Wales still have one hand on the Guinness Six Nations trophy, but France snatched away the chance of a grand slam last weekend in dramatic fashion, keeping their own hopes of winning the tournament alive. And what a trophy it is; a six-sided objet d’art that was designed and made by none other than the Queen’s goldsmiths and silversmiths, Thomas Lyte.
“It is made from seven kilograms of Sterling silver and an enormous amount of passion and art and desire as more than 200 hours of work go into it,” said Kevin Baker, CEO, Thomas Lyte in an interview with the BBC’s World Business Report, who have explored what it takes to design and make such an iconic sporting symbol.
Makers of iconic sporting trophies such as the one on show in Paris this Friday have always been about much more than merely business, though there is obviously a money side to it all.
Trophies can cost anything from a few thousand pounds to more than a million, though a significant piece of silver such as the Six Nations trophy will cost tens of thousands of pounds to design and make, Baker explained in the interview with the BBC World Service radio, though he declined to be more specific due to client confidentiality.
“It is a significant investment,” he acknowledged, albeit an obviously important one for the sports and the tournaments, given that they play such important roles in our lives.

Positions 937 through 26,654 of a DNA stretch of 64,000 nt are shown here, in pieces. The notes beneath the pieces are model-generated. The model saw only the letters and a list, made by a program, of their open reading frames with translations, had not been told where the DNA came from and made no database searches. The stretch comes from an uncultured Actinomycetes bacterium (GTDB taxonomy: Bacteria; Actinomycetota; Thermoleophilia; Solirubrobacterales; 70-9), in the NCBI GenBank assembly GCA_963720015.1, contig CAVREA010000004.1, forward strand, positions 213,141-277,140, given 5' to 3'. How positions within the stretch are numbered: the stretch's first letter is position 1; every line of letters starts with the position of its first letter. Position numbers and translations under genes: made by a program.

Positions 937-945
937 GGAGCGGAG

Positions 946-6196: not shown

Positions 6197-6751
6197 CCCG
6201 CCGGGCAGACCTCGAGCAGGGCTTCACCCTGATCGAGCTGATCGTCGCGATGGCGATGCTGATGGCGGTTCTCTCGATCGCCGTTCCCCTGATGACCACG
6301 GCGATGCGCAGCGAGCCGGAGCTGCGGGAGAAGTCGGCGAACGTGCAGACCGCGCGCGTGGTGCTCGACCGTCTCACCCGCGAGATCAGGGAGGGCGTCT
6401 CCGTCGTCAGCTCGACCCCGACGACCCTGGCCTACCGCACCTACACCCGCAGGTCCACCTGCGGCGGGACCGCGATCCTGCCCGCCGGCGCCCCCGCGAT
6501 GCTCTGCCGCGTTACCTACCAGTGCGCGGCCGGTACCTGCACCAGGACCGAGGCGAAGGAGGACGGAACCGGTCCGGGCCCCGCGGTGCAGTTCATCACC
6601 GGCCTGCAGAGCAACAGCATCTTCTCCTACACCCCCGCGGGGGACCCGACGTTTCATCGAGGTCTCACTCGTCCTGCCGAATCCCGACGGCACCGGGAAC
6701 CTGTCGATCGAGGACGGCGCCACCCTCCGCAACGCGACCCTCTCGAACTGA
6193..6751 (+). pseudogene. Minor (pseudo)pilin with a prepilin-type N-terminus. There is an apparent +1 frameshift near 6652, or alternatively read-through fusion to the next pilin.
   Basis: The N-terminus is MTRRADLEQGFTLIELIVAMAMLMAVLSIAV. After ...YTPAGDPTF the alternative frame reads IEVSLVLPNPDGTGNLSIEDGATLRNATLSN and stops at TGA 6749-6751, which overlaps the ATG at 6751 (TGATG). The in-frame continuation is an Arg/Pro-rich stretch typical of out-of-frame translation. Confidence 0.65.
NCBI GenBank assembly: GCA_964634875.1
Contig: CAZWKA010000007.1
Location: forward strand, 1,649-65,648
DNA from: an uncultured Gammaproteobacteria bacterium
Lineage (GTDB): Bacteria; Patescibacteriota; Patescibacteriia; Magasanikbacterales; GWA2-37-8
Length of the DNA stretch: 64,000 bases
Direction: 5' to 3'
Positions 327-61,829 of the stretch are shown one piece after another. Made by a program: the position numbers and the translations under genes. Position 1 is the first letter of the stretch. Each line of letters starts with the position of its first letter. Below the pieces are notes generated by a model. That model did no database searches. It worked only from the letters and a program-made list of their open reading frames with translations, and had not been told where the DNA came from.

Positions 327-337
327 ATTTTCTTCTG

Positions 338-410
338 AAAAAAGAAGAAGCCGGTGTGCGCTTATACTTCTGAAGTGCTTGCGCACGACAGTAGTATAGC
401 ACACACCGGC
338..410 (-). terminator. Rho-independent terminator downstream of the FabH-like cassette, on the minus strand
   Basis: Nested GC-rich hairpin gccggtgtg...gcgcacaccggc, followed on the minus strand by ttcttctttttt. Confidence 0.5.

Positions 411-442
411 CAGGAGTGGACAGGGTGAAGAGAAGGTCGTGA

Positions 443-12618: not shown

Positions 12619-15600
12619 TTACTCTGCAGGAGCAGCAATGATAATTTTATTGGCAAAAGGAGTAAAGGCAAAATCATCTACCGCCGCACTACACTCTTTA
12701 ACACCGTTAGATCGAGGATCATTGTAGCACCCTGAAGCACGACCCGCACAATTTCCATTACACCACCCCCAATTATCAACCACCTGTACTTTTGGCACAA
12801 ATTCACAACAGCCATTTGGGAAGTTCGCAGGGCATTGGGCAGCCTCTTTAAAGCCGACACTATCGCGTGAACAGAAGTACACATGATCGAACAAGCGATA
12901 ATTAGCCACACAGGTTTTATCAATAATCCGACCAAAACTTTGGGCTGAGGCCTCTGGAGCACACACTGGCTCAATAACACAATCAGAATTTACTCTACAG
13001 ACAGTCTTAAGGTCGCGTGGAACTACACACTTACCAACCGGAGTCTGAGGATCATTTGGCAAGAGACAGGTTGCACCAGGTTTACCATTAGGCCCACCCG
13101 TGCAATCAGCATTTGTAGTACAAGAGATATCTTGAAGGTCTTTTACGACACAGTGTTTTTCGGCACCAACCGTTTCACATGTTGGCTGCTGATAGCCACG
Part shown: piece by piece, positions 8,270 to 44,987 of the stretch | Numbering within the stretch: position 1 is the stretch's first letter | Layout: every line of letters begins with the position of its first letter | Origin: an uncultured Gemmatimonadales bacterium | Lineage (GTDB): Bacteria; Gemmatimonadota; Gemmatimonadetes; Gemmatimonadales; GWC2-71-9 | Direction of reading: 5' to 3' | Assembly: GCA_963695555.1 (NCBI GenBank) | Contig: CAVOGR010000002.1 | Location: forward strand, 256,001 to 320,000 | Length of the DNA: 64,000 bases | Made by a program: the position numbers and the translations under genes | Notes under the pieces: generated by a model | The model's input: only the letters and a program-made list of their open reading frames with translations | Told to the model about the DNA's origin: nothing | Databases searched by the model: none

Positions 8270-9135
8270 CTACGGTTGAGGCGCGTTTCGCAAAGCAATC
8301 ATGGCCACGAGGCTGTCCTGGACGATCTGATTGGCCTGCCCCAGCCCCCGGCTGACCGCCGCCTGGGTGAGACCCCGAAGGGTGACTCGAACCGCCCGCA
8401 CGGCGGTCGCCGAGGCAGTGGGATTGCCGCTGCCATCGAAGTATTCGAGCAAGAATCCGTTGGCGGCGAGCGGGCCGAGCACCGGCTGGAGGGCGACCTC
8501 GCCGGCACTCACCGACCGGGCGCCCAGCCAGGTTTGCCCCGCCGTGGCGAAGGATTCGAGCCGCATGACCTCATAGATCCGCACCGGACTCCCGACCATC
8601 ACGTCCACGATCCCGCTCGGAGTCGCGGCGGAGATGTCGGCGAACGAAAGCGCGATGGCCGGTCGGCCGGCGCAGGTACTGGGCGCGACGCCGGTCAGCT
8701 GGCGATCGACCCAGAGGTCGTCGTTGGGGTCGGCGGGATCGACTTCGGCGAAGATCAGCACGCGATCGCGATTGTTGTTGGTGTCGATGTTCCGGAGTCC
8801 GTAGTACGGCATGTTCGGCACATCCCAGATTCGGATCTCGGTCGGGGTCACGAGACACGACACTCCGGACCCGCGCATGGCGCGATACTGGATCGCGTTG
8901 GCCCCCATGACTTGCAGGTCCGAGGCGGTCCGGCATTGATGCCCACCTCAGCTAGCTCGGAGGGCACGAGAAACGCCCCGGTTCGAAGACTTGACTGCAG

“It is ultimately the event symbol,” Mr Baker said, and as such a trophy will also be a symbol of hope for us all as we face difficult times due to the global Covid pandemic.
“Sport has been an enormously resilient asset that has supported all of us, or many of us, in terms of both mental health and entertainment,” Baker said.
A redesigned trophy for an expanded tournament…
The Six Nations trophy is a prime example of a powerful symbol of both inclusiveness and unity; values that are truly important during times such as these.
The six-sided trophy was made as recently as in 2016 to reflect the facts that there are now six nations playing in the championship.
“It was only the second time a trophy was made in almost 140 years since the 1883 tournament started,” said Baker.
The bespoke trophy was handmade by expert British silversmiths in Thomas Lyte’s London workshops, and was presented to the winners on 21st March, 2016. The 1993 edition of the trophy was retired as it only represented the Five Nations Championship before Italy joined the tournament.
Hand spun from hallmarked sterling silver, the 75cm high Trophy underwent the process of casting, spinning, hand engraving and polishing. Crafted from one single sheet of silver for the body and more than fifty individual pieces, the six-sided Trophy represents each competing nation with each nation’s crest engraved on the plinth.
“There are many trade secrets to it,” said Baker. “When you look at some of these iconic pieces, made from many traditional crafts techniques, some that go back to Roman times, such as hammers and chisels. But then we add in leading edge technology, such as 3D scanning and 3D printing, so there are many processes going on.”
But perhaps the most important part of a sports trophy such as this one is the way it encompasses both the distinctive history of the tournament and its exciting future.
“There’s been no crowds during matches recently, but live sports have indeed continued,” Baker said.
Listen to Thomas Lyte CEO Kevin Baker on BBC World Service Radio’s World Business Report. The interview starts at 17m20s. https://www.bbc.co.uk/sounds/play/w172x584r472xfl
The Guinness Six Nations Rugby Championship https://www.sixnationsrugby.com
The Guinness Six Nations Rugby Trophy https://www.thomaslyte.com/6-nations-trophy/p